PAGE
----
What do these properties apply to though?  We need an object that has properties:
Object Properties

Now this is just getting crazy.  Our object can have many properties but also our properties can belong to many objects.  We will have to work that little kink out but for now I think I will stop playing with pictures.

What is it I really am trying to do?  I want to reduce the pain of making changes to the database for an application.  What does that mean?

Let us say for example we create an app that needs to track squares.  Nothing fancy, just a square.  Our first instinct is to create a table such as:

After building many forms and reports off of our square table management comes along and says we need to track cubes!  Those eF'ers!  You have to go back, change the name of the table, wait, no just leave the name the same, I'll remember what it really should be.  Add the new column Height, modify all the data access code, forms and reports to use the new value and life goes on.

Till six months later when management comes back and says that some federal requirements mandate that all changes to the cubes be tracked for three years.  So you look for your cube table which doesn't exist.  There is this square table with all the right fields, but squares don't have height, they are flat!  Screw it just add a history table, copy the rows as they are changed, create some triggers, job done.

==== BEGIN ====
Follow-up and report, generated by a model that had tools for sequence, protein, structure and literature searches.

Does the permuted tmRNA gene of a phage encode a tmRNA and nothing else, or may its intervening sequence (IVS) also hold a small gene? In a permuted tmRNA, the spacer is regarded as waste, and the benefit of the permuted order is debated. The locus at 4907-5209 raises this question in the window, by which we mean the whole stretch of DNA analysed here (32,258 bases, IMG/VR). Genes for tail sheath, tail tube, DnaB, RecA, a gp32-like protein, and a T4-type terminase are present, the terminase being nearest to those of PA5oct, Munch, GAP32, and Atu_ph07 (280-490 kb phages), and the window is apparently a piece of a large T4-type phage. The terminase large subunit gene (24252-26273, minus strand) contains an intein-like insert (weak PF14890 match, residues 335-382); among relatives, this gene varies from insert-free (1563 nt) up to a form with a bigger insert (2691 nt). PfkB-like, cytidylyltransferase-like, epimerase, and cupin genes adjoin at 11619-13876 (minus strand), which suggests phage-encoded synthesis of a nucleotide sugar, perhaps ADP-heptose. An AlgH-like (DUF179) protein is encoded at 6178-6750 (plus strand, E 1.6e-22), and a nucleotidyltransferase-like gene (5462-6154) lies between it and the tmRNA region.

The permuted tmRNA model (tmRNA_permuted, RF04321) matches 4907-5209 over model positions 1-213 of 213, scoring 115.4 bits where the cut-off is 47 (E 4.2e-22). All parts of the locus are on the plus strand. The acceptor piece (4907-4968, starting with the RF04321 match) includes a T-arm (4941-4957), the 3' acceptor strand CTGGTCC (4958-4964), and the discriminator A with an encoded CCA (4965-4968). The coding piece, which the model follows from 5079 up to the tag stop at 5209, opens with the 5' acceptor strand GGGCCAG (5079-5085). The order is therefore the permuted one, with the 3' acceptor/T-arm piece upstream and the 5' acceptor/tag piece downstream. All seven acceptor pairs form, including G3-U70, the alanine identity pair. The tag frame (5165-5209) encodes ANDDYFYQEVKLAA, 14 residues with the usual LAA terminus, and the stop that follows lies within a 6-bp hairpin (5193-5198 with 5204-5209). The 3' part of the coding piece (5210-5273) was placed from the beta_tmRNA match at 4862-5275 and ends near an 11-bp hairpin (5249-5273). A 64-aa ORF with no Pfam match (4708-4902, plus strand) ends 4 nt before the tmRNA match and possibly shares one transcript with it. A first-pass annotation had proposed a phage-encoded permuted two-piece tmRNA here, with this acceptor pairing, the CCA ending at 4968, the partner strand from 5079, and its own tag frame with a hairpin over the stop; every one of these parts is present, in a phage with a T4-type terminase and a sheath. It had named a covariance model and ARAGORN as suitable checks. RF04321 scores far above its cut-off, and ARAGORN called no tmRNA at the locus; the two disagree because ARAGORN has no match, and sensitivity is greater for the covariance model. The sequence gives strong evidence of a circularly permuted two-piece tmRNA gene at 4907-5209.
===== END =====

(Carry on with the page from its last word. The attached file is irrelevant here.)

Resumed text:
Except management finds out that Canada has been entering values in metric but in the states it is in feet.  Plus Canada has been updating some of the US'es cubes.  Now is the time to get the resume ready.

Databases suck.  Working with databases is a pain but it really shouldn't be.  This extends beyond databases, it applies to objects as well.  How to stop the pain?  Stop adding values directly to the table.  Granted this is not a 100% solution, I mean really if I had a square object I wouldn't worry a lot about keeping track of two fields.

But if I had some complicated object that had many properties, and I was still in the development cycle where all of the properties still had not been identified, I think I would take the Measurement table approach.

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Saturday, January 05, 2008

Need Tape

Those are the words spoken to me by my son. He was playing with his GI Joe (one of the fake all plastic ones) when he accidentally pulled off its head. Oops!

This sucks because now I have to retape the head on evy time it falls off.

Of course the real GI Joe's head wouldn't have come off so easy. Growing up we used to regularly abuse them by dropping them off of roofs, blowing them up with fire works, running them over with the car, etc. and they always survived. These cheap plastic ripe offs, well they just suck.